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Simmers v. Commonwealth of Chester County Pennsylvania

IN THE UNITED STATES DISTRICT COURT FOR THE EASTERN DISTRICT OF PENNSYLVANIA


June 22, 2010

BRANDON M. SIMMERS
v.
COMMONWEALTH OF CHESTER COUNTY PENNSYLVANIA

The opinion of the court was delivered by: Savage, J.

MEMORANDUM OPINION

Brandon Simmers ("Simmers"), a state prisoner, has filed a pro se motion under Fed. R. Civ. P. 60(b)(6), seeking to vacate his conviction for second degree murder, third degree murder, robbery, and criminal conspiracy to commit robbery. He claims that the prosecution violated his constitutional rights when it prosecuted him on a theory of accomplice liability without notifying him and charging him with accomplice liability in the criminal information.

Simmers's motion is a second collateral attack on his underlying conviction. As such, his motion is a successive habeas petition. In addition, his motion is untimely. Therefore, the motion will be denied.

Facts

After a jury convicted Simmers of second degree murder, third degree murder, robbery and conspiracy to commit robbery, he was sentenced to life imprisonment on the murder convictions and a concurrent term of 8 1/2 to 17 years imprisonment for the robbery and conspiracy convictions. On February 21, 2001, the Pennsylvania Superior Court affirmed the convictions and the sentence. The Pennsylvania Supreme Court denied Simmers's allowance of appeal on October 11, 2001.

On October 9, 2002, Simmers filed a petition under the Pennsylvania Post Conviction Relief Act ("PCRA"). 42 Pa.C.S.A. § 9541, et. seq. After an evidentiary hearing, the PCRA court denied the petition on December 31, 2003. The Pennsylvania Superior Court affirmed the PCRA court on November 4, 2004. On September 14, 2005, the Pennsylvania Supreme Court denied allocatur.

Simmers filed a petition for a writ of habeas corpus under 28 U.S.C. § 2254 on November 5, 2006, claiming ineffective assistance of counsel, judicial misconduct and prosecutorial misconduct.

On March 28, 2007, after finding that Simmers's § 2254 petition was untimely and he was not entitled to equitable tolling, Magistrate Judge Peter Scuderi recommended that the petition for writ of habeas corpus be dismissed. On May 7, 2007, after an independent review of record, we approved and adopted the report and recommendation. Accordingly, we denied the petition for writ of habeas corpus and declined to issue a certificate of appealability.

On February 3, 2010, Simmers filed this Rule 60(b)(6) motion.

Discussion

Rule 60(b) may not be used to challenge a petitioner's underlying conviction after his habeas petition attacking that same conviction has been denied. It is not a substitute for appeal. United States v. Fiorelli, 337 F.3d 282, 288 (3d Cir. 2003)(quoting Smith v. Evans, 853 F.2d 155, 158 (3d Cir. 1988)). In other words, a petitioner cannot relitigate the merits of his habeas petition under the guise of a Rule 60(b) motion.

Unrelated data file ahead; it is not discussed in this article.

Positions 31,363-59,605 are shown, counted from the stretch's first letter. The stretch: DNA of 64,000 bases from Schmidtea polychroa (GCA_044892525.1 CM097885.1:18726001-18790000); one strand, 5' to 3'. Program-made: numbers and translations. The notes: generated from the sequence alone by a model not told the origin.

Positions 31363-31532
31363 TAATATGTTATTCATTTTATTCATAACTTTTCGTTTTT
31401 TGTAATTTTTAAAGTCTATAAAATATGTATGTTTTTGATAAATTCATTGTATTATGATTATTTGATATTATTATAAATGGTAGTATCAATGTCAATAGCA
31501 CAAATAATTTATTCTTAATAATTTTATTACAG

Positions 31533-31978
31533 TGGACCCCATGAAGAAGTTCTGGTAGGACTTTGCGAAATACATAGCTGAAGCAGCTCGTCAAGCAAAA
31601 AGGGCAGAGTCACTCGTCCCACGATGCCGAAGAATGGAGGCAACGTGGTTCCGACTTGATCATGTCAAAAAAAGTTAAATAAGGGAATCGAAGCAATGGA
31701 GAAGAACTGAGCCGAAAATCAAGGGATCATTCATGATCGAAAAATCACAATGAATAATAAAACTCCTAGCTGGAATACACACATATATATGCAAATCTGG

Where the Rule 60(b) motion is a second habeas petition, the petitioner must seek approval from the Court of Appeals. Benchoff v. Colleran, 404 F.3d 812, 820 (3d Cir. 2005). Absent such authorization, the district court is not permitted to consider the merits of the subsequent petition. 28 U.S.C. § 2244(b)(3)(A).

A determination whether the Rule 60(b) motion is a "second or successive" habeas petition turns on whether the petitioner is attempting to relitigate the merits of his earlier habeas petition or underlying conviction, or is attacking the "manner in which the habeas judgment was procured...." Pridgen v. Shannon, 380 F.3d 721, 727 (3d Cir. 2004). Where the motion is a renewed argument of issues decided in a previous habeas action, it is successive. Id. Where it challenges the integrity of the habeas proceedings, it is not a successive petition and may be considered. Id. Thus, the distinction is between a substantive attack on the underlying conviction and a structural attack on the habeas proceeding itself. Id.

To avoid the bar against a "second or successive" petition, a petitioner may not couch his claims of error in his state court judgment in the language of a Rule 60(b) motion for relief from judgment. Gonzalez v. Crosby, 545 U.S. 524, 531 (2005). We must look beyond the label and examine the contents of the motion to determine what the petitioner actually challenges.

Here, Simmers is collaterally attacking his underlying state conviction. He does not challenge the "manner in which the earlier habeas judgment was procured...." Pridgen v. Shannon, 380 F.3d at 727. His motion, though styled as one under Fed. R. Civ. P. 60(b), is a "second or successive" habeas petition.

As was his earlier habeas petition, this motion is untimely. A Rule 60(b) motion must be filed no later than a year after the entry of the judgment, order or proceeding. Fed. R. Civ. P. 60(c)(1). Whether the motion attacks his conviction or the habeas proceeding, it was not filed within one year. It is was filed two years and nine months after his habeas petition was denied.

Conclusion

Simmers's motion filed under Rule 60(b) is a successive habeas petition that was filed without the approval of the Third Circuit. Even if it were not a successive, the motion is untimely. Therefore, the motion will be denied.

20100622

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